In the last two weeks, I have sat two mock exams alongside Y11. I sat one in the gym with the year-group and the second just with my own class, for 45 minutes, in the classroom. The first was an AQA style English Language paper 1, the second was one question from an AQA English Literature paper 2 modern prose and drama (specifically, An Inspector Calls). I know this is really common practice and that many hundreds of teachers do this on a weekly basis. I used to do it for the old-old-legacy specification but somehow, I’ve fallen out of the habit. Here, I give some reflections on my experiences.
Here’s what I learnt:
The importance (and hindrance) of planning
I planned for all the longer answers. I really, really needed the plans for Q5 of P1 and also the AIC response. As a teacher undertaking this, arrogance bubbled within me; I thought, ‘I don’t need plans! I’ve been teaching An Inspector Calls since the day dot!’ I needed my plans, though. They were vital to my essay structure. When it came to the end of the literature exam, I then felt a fleeting pang of regret, spending a full 10 minutes on the plan – I’d not managed to include my final point. My plan included some key quotations and when I do this again, I’m going to spend five minutes on the plan and 40 on the writing.
Message to the students: Always plan but plan efficiently. Don’t write out quotations. Include a prompt if you think you’ll forget them. Don’t bother with any full sentences. Be strict with your timings here.
Mind blanks/blocks/what is happening to my brain?!
I forgot Sheila’s name. Sheila. A main character in An Inspector Calls. Shelley? Sarah? (no, that’s me) Sh… Sh… I thought I was going to cry. It came back to me but not until I’d become sufficiently worked up to think it was all over. I don’t think it’s my age (I hope it’s not my age, at 38). It reminded me of my GCSE exams – true story – I forgot how to spell ‘blue.’ Evidently it came back to me, or I got round it somehow, but we need to recognise that this is a problem that our students may face. Adrenaline and cortisol can impact negatively on the working memory. It’s easy to get impatient with kids and accuse them of failing to revise properly when this happens in mocks. For some of them, this amnesia could be a side effect of stress.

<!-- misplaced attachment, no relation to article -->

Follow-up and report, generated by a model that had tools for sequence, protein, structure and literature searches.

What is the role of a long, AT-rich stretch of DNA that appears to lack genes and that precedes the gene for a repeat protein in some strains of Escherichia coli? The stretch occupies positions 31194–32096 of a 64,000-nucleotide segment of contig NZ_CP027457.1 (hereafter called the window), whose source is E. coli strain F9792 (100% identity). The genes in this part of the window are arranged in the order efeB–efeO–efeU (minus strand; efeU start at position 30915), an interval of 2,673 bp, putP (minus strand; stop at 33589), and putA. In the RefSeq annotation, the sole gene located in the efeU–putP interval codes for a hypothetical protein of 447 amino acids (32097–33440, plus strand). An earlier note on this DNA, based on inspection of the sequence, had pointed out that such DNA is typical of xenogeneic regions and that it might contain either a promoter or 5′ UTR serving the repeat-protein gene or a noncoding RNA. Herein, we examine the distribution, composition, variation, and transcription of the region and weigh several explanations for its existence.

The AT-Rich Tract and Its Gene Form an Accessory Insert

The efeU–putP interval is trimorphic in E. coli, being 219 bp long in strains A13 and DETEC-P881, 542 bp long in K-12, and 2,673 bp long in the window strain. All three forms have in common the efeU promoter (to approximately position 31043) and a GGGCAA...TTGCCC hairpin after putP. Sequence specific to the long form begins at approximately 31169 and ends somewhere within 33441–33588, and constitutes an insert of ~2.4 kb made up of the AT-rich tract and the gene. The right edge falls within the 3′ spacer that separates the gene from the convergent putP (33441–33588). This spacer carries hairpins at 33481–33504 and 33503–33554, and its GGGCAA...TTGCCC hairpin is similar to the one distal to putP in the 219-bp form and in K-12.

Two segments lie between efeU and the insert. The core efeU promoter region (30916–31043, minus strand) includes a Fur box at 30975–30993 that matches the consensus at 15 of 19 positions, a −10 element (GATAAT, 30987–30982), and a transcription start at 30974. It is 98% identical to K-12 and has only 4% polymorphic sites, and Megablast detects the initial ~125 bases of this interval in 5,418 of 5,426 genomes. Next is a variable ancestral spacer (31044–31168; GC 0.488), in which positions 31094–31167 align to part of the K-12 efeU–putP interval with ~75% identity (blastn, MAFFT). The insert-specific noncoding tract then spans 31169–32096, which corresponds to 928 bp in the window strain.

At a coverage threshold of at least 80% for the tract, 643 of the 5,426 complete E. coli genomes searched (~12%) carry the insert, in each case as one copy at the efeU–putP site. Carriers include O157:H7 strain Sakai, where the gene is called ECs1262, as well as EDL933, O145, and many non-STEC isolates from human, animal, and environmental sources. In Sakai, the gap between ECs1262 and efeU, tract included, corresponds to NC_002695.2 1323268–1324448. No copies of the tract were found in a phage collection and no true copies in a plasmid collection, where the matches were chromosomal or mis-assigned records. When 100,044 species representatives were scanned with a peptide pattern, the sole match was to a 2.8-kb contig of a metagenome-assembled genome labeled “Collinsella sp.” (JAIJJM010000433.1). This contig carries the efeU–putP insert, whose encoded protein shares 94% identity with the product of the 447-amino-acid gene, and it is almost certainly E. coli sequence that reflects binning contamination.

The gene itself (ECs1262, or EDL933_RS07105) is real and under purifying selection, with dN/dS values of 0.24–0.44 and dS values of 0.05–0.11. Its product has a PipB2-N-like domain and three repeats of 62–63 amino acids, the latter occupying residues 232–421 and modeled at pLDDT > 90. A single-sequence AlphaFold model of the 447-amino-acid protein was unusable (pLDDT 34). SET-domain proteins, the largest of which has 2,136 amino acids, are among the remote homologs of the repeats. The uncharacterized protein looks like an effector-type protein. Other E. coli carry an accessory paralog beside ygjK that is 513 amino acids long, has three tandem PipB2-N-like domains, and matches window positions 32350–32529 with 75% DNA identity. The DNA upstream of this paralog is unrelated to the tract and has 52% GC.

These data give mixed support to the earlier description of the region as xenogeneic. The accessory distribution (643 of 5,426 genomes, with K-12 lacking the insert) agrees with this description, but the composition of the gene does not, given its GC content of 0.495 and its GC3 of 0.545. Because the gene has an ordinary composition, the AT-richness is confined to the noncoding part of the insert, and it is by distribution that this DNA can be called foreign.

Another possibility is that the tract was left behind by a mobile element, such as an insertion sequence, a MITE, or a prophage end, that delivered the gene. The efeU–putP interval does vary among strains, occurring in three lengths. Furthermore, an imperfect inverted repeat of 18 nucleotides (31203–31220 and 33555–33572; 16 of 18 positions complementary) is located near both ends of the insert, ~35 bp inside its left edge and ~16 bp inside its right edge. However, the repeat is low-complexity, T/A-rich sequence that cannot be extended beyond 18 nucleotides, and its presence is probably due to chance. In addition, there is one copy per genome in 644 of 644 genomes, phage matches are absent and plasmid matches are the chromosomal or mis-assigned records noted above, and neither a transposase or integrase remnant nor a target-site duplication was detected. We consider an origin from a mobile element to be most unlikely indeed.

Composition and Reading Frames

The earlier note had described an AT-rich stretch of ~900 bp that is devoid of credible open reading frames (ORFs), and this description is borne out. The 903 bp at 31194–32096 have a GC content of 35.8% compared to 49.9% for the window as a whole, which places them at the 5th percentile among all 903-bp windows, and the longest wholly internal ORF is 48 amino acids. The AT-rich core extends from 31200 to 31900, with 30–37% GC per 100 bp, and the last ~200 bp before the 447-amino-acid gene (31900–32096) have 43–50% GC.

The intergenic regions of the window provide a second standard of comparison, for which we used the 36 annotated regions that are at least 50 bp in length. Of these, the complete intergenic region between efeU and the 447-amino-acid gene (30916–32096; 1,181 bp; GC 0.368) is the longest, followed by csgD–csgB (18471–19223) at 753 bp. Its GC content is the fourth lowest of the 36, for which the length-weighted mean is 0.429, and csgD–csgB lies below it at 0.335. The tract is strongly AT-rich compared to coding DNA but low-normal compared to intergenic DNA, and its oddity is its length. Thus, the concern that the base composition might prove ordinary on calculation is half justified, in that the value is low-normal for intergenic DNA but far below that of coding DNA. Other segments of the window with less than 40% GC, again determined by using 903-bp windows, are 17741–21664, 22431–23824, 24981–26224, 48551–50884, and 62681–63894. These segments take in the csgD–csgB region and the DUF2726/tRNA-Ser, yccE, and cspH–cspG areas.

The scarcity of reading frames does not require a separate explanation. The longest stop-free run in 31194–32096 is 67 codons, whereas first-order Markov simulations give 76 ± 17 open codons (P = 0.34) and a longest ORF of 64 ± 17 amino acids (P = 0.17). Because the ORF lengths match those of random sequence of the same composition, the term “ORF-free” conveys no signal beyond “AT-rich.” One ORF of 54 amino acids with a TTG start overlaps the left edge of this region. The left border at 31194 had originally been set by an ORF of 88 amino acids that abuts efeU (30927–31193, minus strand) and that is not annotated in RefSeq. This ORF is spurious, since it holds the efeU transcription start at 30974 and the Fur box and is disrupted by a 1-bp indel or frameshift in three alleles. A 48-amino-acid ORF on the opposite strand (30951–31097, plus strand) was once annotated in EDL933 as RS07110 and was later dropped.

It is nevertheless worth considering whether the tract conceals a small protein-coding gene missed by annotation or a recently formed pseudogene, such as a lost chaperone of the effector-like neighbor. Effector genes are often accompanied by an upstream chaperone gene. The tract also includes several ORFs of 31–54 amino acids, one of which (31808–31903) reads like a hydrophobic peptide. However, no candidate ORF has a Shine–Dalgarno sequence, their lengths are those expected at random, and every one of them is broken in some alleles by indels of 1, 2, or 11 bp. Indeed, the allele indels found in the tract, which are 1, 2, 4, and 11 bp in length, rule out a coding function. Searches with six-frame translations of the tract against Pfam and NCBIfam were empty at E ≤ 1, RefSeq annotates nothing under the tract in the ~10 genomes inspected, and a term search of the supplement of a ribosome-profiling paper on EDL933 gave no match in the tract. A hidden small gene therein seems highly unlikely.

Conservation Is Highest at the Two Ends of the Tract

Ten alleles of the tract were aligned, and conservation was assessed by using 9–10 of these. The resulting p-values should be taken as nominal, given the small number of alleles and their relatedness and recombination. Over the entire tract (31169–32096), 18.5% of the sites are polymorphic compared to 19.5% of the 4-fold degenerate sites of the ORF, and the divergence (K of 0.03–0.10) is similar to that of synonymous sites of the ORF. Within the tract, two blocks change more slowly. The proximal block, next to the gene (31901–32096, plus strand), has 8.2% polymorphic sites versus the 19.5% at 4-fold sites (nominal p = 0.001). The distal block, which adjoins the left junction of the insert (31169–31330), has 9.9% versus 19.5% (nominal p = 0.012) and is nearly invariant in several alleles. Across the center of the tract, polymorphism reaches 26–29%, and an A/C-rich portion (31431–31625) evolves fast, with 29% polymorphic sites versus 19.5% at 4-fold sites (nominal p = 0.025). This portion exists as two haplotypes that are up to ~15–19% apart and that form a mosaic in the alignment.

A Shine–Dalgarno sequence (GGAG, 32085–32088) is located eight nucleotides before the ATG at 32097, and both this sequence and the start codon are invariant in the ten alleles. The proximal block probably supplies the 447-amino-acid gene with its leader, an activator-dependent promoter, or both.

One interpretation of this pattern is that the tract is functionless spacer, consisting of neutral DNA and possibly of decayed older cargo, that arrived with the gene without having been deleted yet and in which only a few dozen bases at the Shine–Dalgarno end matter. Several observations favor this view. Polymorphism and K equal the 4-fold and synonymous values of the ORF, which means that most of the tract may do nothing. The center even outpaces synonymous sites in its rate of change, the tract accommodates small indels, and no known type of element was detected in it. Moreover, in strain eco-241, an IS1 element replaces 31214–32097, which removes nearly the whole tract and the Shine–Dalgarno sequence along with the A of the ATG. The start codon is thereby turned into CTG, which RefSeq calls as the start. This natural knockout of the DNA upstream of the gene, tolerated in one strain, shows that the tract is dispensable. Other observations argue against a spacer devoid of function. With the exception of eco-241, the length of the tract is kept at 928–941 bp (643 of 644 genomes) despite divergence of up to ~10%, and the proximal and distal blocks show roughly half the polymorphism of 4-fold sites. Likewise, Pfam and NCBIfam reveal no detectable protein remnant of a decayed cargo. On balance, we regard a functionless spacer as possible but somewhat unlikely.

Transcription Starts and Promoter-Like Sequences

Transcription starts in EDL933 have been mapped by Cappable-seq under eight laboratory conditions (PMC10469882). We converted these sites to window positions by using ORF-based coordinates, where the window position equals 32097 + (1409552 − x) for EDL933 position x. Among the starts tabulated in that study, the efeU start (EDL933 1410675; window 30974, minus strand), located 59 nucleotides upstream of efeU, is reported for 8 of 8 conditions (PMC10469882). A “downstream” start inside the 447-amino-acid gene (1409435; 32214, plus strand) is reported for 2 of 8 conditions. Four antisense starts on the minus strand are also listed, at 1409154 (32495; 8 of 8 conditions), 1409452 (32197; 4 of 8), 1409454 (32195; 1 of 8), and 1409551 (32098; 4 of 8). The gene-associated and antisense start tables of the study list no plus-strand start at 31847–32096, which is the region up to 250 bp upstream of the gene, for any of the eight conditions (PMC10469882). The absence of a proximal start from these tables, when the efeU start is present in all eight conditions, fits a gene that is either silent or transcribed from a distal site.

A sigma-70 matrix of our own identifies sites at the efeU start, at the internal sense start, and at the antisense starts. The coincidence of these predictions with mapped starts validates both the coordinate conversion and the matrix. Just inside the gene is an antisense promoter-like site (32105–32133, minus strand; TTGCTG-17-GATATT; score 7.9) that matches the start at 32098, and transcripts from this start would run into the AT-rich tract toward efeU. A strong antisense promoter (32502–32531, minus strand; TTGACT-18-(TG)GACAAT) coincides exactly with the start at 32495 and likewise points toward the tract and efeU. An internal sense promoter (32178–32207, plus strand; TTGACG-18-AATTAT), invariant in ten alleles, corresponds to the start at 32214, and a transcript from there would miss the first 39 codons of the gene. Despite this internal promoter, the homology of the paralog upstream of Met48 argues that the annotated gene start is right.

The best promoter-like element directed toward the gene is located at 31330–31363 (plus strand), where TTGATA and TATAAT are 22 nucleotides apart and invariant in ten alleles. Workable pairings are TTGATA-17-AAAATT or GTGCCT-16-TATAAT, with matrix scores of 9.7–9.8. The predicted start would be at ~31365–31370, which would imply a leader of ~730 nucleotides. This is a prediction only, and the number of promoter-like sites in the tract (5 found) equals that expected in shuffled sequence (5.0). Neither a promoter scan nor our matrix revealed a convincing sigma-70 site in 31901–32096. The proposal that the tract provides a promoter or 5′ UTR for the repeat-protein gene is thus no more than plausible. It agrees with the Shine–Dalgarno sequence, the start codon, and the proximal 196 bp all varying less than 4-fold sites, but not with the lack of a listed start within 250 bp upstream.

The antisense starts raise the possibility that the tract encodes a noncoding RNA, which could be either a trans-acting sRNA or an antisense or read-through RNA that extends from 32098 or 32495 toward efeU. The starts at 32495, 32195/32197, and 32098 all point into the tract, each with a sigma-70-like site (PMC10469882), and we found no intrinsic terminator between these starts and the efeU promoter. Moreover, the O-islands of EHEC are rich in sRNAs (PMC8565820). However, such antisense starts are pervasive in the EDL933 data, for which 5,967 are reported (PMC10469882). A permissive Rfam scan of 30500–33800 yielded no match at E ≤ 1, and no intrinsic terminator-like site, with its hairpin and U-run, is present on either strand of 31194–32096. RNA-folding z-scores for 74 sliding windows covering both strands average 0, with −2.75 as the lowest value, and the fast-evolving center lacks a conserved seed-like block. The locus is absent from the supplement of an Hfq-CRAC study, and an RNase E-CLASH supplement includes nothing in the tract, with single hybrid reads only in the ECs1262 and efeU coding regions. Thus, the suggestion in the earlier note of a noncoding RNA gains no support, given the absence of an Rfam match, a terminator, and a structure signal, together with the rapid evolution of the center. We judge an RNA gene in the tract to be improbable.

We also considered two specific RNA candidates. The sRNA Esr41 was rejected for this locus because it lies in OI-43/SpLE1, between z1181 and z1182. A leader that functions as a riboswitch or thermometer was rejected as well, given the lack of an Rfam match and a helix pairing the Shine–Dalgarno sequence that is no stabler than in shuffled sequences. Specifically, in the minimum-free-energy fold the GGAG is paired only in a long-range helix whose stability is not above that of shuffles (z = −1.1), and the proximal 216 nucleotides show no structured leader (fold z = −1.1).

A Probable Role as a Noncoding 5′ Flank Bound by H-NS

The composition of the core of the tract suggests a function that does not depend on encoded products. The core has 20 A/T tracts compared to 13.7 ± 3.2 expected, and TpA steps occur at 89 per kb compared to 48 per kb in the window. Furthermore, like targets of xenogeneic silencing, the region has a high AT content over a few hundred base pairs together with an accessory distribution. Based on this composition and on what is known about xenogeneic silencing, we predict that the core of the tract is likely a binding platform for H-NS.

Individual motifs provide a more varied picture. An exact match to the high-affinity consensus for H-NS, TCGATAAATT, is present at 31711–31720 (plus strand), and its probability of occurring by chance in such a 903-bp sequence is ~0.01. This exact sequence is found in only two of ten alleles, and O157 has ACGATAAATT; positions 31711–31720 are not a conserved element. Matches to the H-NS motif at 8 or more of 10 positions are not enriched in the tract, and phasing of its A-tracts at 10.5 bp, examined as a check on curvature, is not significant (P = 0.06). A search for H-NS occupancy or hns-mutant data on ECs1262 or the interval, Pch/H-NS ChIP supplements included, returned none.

Message to the students: Have a strategy to remember your key quotations or devices. I’ve blogged here about using the exam hall for quotation learning.
Paints a picture in the reader’s mind and other such nonsense
More than ever before, this process brought home the need to explicitly teach ways of explaining the effect of a device or technique. Put on the spot, in an exam hall, I fully appreciated why some students resort to ‘this has an effect on the reader’ without explaining the effect. I don’t think this is a case of a lack of analytical understanding. This is a case of being utterly lost for words, in a gym, with nothing around you but the backs of heads and seeing 150 other pens flowing across paper with apparent fluidity and ease. The structure question (P1, Q3) caught me off guard. Each paragraph moves the reader on – yes, got that – which makes the reader… what?! Again, I took a deep breath and had a word with myself.
Message to students: practise, practise, practise the questions that require you to comment on the effect. Build up an understanding of the various ways different devices can affect the reader or our understanding of events. This can be learnt as subject content.
In both English Language exams, Q5 is worth 40 marks out of a total of 80. By this point, my hand ached. I wanted to get up and stretch. I have always dismissed students telling me that it’s a struggle to keep writing after an hour. I stand corrected. However, I still feel that Q5 is best left until the end. Section A reminded me of what ‘good’ writing looks like and prompted some thought for how to structure my responses.
Message to students: come hell or high water, start Q5 when you have 50 minutes remaining.
My pen ran out
It really did. How mortifying. My colleague Hannah (@hannahjgale) was there to give me a spare. The kids often see this as a bit of an urban myth – they roll their eyes when we remind them to take a spare pen (and, it seems, so did I). Lesson learnt.
Message to students: no pen is invincible. Bring 4.
Riklef, W. (2010) – Effects of acute psychosocial stress on working memory related brain activity in men. Human Brain Mapping Issue 31